How passivity effect the characters in a work of literature

Document Type:Thesis

Subject Area:English

Document 1

Passivity also takes away the freedom of passive characters in a work of literature as evident in Raymond Carver short story Cathedral. The narrator’s wife has no freedom and cannot make any decision in their summer home. She needs urgent medical attention as well as a change of environment to improve her mental condition which is becoming worse with every passing day. Passivity makes the passive characters in a work of literature to suffer as a result of the actions and patronizing ways of active characters. In the Cathedral, the narrator suffers emotionally and fear his wife. He is aware of her wife constant communication with the blind man through audiotapes in which her wife even mentions him to the blind man.

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She tells the blind man everything personal including her feelings about marital life and the challenges she was going through. The narrator seems uneasy about the wife maintaining contact and trusting this blind man and her poems. However, he does not confront her to stop writing poems or request her to cut off communication with her former employer. Instead, he tells himself that maybe that is her wife’s means of recreation “…I think it was her chief means of recreation” (Carver 2). He has to wait for his wife to make the next decision about their life so that he can play along. Robert is fearful of his host and wants to fit in by doing anything. He consents to nearly everything the narrator asks without objection.

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When the narrator asks him whether he smokes, he nods and even after having enough drinks, he could not resist more glasses when asked (Carver 8). Robert remains a follower and only take charge towards the end of the short story when he guides the narrator to draw a cathedral. She knows she needs help but is reluctant to make a bold move since any move against her husband wishes will be viewed as an act of disrespect (Gilman 647). She chose to suffer in solitude and confined in what she describes as a haunted house, “John does not know how much I really suffer… it is only nervousness” (Gilman 649). John believes that she is supposed to rest and not engage in any strenuous work including writing.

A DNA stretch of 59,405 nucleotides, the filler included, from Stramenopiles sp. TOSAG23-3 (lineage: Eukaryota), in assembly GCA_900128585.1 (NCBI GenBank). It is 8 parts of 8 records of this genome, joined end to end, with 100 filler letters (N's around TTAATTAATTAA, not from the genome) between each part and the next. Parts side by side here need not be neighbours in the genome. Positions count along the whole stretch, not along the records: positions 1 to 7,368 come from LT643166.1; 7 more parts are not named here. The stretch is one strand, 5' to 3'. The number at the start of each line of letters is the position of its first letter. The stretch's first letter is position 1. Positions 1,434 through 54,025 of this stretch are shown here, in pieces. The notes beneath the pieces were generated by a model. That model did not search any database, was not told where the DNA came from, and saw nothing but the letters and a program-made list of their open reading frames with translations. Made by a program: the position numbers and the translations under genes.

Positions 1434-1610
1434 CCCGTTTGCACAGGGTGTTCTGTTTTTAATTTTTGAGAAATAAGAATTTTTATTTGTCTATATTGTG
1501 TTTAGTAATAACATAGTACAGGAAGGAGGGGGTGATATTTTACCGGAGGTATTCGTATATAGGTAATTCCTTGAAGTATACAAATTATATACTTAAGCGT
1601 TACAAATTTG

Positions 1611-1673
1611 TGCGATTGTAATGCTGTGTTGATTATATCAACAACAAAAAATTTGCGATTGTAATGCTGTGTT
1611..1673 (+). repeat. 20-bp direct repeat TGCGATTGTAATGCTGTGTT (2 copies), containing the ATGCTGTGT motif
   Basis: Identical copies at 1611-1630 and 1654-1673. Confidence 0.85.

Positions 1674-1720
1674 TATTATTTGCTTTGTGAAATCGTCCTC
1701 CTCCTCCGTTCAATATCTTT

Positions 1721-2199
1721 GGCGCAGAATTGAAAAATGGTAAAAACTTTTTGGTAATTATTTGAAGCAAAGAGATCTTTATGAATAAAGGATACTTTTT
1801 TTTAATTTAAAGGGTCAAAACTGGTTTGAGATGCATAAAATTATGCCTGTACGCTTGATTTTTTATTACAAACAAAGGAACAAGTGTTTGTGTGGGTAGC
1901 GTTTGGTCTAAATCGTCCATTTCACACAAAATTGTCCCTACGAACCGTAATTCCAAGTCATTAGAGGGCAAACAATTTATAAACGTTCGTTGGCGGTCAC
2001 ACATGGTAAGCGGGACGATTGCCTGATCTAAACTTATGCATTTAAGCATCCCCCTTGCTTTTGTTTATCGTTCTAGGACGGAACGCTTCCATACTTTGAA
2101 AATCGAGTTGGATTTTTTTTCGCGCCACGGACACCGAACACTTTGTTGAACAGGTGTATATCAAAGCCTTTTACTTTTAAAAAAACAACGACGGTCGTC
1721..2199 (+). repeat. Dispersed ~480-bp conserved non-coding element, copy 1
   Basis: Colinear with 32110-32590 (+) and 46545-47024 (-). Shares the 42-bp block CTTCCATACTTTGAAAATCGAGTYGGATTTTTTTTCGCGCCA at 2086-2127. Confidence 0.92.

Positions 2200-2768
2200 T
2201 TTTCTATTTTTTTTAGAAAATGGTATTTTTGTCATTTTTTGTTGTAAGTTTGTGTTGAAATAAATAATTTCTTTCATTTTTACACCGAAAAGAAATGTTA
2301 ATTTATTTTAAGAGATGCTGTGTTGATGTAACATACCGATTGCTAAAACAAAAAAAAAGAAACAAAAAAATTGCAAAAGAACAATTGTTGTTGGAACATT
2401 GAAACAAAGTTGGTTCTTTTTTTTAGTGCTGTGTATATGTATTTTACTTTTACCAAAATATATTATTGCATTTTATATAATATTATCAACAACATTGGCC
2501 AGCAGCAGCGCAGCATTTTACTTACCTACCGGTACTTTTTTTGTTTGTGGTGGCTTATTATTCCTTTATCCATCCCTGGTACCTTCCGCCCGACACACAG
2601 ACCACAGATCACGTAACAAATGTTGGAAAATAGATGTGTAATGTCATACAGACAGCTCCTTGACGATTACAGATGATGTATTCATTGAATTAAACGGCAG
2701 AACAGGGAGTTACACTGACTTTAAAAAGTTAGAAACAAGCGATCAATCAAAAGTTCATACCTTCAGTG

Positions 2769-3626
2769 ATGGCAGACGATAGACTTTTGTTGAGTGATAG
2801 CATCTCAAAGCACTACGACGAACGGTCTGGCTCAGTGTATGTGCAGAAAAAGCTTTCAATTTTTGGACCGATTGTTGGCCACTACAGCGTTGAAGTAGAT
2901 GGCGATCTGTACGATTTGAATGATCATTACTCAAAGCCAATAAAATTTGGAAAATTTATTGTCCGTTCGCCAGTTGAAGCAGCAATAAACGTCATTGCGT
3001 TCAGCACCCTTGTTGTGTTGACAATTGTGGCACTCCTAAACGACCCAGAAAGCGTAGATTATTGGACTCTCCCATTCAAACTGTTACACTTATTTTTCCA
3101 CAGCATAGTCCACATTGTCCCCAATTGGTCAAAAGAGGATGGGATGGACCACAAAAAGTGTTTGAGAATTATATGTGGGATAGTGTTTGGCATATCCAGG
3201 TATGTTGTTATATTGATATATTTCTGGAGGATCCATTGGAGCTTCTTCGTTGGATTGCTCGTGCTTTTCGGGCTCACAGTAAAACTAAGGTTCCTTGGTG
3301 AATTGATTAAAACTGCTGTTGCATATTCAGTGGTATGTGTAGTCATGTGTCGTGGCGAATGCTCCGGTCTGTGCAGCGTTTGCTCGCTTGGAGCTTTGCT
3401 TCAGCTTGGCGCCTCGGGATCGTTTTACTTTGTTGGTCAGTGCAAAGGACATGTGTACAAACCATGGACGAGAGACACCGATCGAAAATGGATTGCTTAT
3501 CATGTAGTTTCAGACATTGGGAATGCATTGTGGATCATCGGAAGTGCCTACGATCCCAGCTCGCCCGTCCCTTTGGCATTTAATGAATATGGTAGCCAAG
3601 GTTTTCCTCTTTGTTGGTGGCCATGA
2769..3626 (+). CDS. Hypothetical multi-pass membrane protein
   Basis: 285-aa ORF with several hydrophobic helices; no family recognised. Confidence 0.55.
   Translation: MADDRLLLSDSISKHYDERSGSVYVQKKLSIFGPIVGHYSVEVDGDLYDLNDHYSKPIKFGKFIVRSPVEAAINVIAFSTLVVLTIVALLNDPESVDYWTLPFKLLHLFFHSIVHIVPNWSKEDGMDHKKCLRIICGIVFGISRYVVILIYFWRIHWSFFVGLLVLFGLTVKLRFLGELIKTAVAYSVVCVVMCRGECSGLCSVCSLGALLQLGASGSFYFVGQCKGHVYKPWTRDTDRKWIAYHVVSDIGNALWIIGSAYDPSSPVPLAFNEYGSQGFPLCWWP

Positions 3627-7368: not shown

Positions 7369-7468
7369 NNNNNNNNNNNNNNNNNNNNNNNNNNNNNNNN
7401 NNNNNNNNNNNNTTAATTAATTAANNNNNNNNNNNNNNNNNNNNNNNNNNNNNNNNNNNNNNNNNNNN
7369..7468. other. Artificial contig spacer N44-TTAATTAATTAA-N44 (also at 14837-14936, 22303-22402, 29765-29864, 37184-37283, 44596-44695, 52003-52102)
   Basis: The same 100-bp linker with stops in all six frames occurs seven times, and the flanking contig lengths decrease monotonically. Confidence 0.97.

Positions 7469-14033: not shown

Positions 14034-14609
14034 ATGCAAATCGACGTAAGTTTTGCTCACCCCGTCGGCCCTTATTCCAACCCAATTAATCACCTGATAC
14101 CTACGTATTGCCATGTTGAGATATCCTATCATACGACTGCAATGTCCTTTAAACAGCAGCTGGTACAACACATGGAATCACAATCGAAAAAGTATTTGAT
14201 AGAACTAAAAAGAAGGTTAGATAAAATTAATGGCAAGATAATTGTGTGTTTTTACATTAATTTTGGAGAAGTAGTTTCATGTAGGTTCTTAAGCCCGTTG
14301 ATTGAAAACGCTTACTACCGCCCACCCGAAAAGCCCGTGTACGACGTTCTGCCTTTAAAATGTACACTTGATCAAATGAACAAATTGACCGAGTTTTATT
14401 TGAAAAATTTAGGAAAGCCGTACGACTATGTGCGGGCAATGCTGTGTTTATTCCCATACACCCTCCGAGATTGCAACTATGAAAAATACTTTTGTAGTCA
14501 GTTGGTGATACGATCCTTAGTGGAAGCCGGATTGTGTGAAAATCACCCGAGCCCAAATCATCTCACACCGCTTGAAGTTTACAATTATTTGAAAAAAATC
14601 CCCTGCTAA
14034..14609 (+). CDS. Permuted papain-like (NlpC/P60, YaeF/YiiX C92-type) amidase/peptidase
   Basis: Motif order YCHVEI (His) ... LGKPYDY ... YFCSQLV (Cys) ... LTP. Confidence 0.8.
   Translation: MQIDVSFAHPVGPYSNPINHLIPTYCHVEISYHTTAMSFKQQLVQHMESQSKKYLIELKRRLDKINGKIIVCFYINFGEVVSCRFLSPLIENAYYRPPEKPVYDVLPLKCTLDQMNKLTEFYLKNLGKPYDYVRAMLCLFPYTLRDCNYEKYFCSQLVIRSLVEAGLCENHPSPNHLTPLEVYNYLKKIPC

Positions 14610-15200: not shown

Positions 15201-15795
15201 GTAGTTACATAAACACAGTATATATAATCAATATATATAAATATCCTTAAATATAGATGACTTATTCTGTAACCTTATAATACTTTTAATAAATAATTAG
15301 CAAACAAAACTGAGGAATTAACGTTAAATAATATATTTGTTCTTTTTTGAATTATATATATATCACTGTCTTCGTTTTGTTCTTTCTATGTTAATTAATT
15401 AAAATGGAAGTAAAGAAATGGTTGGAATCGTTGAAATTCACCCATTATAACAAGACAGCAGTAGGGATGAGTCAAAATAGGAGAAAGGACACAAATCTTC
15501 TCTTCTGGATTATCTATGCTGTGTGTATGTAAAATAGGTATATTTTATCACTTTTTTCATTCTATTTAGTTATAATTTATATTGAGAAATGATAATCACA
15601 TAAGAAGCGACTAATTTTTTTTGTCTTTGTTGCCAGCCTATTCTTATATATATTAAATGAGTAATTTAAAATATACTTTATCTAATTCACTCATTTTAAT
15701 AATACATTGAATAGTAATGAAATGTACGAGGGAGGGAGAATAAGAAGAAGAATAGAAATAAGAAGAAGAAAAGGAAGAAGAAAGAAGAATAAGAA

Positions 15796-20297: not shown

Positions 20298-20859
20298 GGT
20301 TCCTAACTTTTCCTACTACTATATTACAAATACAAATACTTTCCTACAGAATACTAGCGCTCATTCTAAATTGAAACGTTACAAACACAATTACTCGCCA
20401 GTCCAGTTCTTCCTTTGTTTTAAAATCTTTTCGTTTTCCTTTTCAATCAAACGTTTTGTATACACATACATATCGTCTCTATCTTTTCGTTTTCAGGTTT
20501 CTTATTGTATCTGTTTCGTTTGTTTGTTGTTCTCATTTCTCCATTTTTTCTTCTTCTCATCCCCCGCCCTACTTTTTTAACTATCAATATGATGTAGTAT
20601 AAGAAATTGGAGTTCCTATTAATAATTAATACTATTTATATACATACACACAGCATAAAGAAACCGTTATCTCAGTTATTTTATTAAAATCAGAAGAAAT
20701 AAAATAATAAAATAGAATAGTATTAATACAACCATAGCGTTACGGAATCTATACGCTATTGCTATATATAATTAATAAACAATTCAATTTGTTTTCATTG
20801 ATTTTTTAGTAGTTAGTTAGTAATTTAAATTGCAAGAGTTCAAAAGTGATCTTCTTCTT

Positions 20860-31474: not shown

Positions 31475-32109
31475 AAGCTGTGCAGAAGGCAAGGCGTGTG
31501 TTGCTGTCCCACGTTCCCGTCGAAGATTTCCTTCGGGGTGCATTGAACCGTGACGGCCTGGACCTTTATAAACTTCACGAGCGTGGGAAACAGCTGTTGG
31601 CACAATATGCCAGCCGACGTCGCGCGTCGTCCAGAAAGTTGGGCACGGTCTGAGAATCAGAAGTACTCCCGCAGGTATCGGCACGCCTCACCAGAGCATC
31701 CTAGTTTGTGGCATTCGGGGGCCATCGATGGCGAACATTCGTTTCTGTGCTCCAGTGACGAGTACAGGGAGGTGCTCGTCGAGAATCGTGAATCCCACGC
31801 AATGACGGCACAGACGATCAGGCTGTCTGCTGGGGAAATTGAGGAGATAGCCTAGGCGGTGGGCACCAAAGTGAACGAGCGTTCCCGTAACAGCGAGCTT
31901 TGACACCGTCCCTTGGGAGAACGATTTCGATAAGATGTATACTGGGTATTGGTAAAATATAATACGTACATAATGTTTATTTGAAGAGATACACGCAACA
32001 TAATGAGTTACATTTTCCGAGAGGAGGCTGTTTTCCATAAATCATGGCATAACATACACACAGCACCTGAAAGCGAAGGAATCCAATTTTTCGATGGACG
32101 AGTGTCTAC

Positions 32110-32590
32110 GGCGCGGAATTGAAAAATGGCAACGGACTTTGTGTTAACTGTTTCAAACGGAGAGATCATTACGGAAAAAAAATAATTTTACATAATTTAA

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She has been reduced to a toddler and cannot make decisions. However, she feels that doing interesting work, freedom, and activity will improve her condition (Gilman 648). The narrator is forced to stay in their summer home despite her worsening mental condition. The narrator feels suffocated after a few weeks of stay in their summer home and tells John that she wants to leave the place. She believes that breaking from her monotonous and imprisoning routine will help her feel much better. John does not approve of her wishes and explains that it is not possible since they have to wait for a little longer (Gilman 652). She has to stay against her will because it is what her physician husband wants and not what she thinks is right.

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